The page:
Gendar stands up for his community, whistling between his missing teeth while the police officer carries on: “Roma don’t have any education, they don’t find ways of working nowadays.”
Gendar is the baro, the village “elder.” This camp in the Vladimir region is home to Roma from the Koldiary ethnic group, one of the groups that has best preserved its customs; they were all nomadic until 1956 when the Soviet Union forcibly settled the Roma. The Koldiary, who came from Eastern Europe, were traditionally horse traders or metal workers. After the fall of communism, some adapted by opening successful central heating businesses. But here in this village, no one has had any success to speak of. “We don’t do anything during the day. We stand around and wait for it to end.” A dozen young men wearing leather jackets and dark clothing stand with their hands in their pockets. The railroad tracks lie behind them. The tracks run through the camp, whose houses stand in a typically Russian row along the main street.
“Those with a car occasionally go and bring back what’s needed to feed the family,” Gendar said. “But how does someone with no car do it? Bah, he steals; it’s simple, for the children.”
We go into Gendar’s house. “Everything nice here comes from communism. Back then, there were no poor and no wealthy,” he said regretfully. “When we didn’t have work, we would go on unemployment benefits.” The walls are hung with the splendors of the Soviet era, pink and yellow curtains and shawls with bursts of flowers that cover the chairs. The mother, half-lying on the sofa in a blue outfit, smokes with a thin smile on her face. “You want to see my niece’s wedding film?” she asked.
A pretty 15-year-old girl with a bouncing orange skirt and copper medals that jingle stays in the periphery even as she brings in tea, butter and marinated mushrooms. “Ah no, that’s right, we don’t have any more electricity.”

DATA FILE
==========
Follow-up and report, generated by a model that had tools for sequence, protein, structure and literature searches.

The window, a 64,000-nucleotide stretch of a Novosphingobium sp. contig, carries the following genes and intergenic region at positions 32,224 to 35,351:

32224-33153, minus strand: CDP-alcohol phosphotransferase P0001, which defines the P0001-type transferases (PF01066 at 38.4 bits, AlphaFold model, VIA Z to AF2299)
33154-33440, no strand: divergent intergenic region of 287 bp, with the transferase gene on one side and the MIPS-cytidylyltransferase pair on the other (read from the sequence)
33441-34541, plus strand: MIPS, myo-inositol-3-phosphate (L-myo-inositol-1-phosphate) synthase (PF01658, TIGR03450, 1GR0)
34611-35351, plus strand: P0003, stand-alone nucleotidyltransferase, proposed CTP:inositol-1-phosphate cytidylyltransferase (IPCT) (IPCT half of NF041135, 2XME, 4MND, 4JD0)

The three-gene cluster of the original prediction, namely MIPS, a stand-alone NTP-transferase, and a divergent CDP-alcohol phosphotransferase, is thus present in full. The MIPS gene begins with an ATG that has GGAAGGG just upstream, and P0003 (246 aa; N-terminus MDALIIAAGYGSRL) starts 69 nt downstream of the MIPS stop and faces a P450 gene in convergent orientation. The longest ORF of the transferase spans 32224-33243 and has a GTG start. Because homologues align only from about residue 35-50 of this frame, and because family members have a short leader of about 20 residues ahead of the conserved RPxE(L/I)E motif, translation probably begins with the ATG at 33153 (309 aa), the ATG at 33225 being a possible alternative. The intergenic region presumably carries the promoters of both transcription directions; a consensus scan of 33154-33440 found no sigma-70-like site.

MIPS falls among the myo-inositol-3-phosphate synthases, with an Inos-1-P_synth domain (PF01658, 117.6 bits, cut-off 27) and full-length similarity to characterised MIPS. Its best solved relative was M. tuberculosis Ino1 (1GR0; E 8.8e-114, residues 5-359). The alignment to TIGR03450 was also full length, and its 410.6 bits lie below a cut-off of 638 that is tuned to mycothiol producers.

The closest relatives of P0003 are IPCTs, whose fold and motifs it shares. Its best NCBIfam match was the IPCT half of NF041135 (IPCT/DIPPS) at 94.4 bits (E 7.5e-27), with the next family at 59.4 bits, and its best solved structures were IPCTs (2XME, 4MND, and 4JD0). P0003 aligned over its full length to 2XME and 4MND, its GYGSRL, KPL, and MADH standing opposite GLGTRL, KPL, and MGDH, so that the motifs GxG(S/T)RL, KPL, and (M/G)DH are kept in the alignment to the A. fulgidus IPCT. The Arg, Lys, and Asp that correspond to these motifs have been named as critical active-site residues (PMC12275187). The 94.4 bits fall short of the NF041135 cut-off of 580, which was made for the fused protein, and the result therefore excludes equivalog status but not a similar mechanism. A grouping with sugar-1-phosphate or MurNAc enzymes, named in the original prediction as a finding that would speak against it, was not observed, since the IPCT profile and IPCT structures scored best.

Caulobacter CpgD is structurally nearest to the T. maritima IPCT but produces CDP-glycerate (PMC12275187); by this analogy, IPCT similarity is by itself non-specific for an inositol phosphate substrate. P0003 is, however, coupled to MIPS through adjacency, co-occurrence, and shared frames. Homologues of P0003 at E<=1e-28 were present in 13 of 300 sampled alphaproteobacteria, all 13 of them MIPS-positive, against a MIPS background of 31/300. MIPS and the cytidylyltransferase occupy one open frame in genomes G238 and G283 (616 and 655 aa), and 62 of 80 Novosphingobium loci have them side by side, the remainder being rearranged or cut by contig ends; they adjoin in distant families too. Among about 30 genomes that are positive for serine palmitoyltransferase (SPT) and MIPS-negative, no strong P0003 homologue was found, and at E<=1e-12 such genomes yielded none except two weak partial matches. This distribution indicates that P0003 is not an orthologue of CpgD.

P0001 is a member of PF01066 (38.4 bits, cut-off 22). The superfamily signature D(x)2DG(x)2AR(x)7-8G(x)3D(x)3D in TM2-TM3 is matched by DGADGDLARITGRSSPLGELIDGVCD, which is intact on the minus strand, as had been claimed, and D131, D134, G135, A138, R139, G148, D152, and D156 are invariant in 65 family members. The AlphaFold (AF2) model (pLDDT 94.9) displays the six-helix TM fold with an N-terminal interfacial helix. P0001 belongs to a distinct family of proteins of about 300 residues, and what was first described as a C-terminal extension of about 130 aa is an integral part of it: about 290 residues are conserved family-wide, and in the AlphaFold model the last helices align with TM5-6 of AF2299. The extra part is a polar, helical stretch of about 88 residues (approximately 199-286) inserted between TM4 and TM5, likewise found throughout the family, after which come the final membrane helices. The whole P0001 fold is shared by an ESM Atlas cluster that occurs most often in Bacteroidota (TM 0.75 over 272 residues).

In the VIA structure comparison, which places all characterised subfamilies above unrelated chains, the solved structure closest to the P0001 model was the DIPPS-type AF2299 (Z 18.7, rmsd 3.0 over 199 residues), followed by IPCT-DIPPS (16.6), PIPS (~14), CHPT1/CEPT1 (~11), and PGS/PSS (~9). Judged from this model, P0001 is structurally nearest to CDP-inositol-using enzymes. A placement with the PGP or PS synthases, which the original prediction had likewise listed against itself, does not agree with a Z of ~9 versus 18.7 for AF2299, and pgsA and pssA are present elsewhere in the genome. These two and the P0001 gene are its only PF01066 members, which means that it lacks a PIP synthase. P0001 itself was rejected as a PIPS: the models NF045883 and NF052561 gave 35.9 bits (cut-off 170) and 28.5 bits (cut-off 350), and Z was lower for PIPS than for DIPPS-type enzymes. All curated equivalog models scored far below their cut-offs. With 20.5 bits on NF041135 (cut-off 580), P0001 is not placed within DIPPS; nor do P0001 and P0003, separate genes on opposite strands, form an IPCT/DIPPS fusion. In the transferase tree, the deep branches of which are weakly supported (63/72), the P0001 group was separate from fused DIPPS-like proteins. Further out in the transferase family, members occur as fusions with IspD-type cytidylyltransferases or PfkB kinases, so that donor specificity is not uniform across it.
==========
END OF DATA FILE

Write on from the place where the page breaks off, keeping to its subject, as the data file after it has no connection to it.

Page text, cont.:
The inactivity and lack of work for the Roma is due largely to their non-integration in the urban and competitive modern economy, along with the fact that in Russia, they are no longer a nomadic population. In communist times, certain groups of Roma, especially the “Russka Roma,” those who sang for the nobility under the tsar and who are the most integrated even today, specialized in a niche market: contraband. There wasn’t much in the way of merchandise at the time. It was an illegal activity, but not criminal. “But after perestroika, all the groups in Russia started going into trade and the Roma, often illiterate, couldn’t keep up,” said Marianna Seslavinskaya, one of the directors of Roma Union, the Russian interregional Roma rights union.
Seslavinskaya and her husband, Georgiy Tsvetkov, make Roma education an absolute priority, provided that it involves Roma culture. Both work in a research laboratory at the Federal Institute of Educational Development in Moscow, but their work is underfunded: Seslavinskaya and Tsvetkov provide services to the entire country and there are an estimated 180,000-400,000 Roma across the Russian Federation. “We don’t have an allocated region, contrary to most Russian minorities. As a result, no one funds the passing down of the culture. The Roma children who go to school at age six learn Russian, whereas they speak Romani.” In 1927, authorities set up a learning program for the Roma, but Stalin abolished it in 1938.
“What is needed,” Seslavinskaya said, “is a program that would start to teach the Roma their language and, afterwards, Russian culture. Because a Roma who loses his culture doesn’t necessarily become Russian. He is marginalized. Educating Roma by saving their identity is the only solution that will allow them to adapt to the contemporary world. In order to be able to find work without getting bogged down in identity issues, or falling into poverty and crime.”
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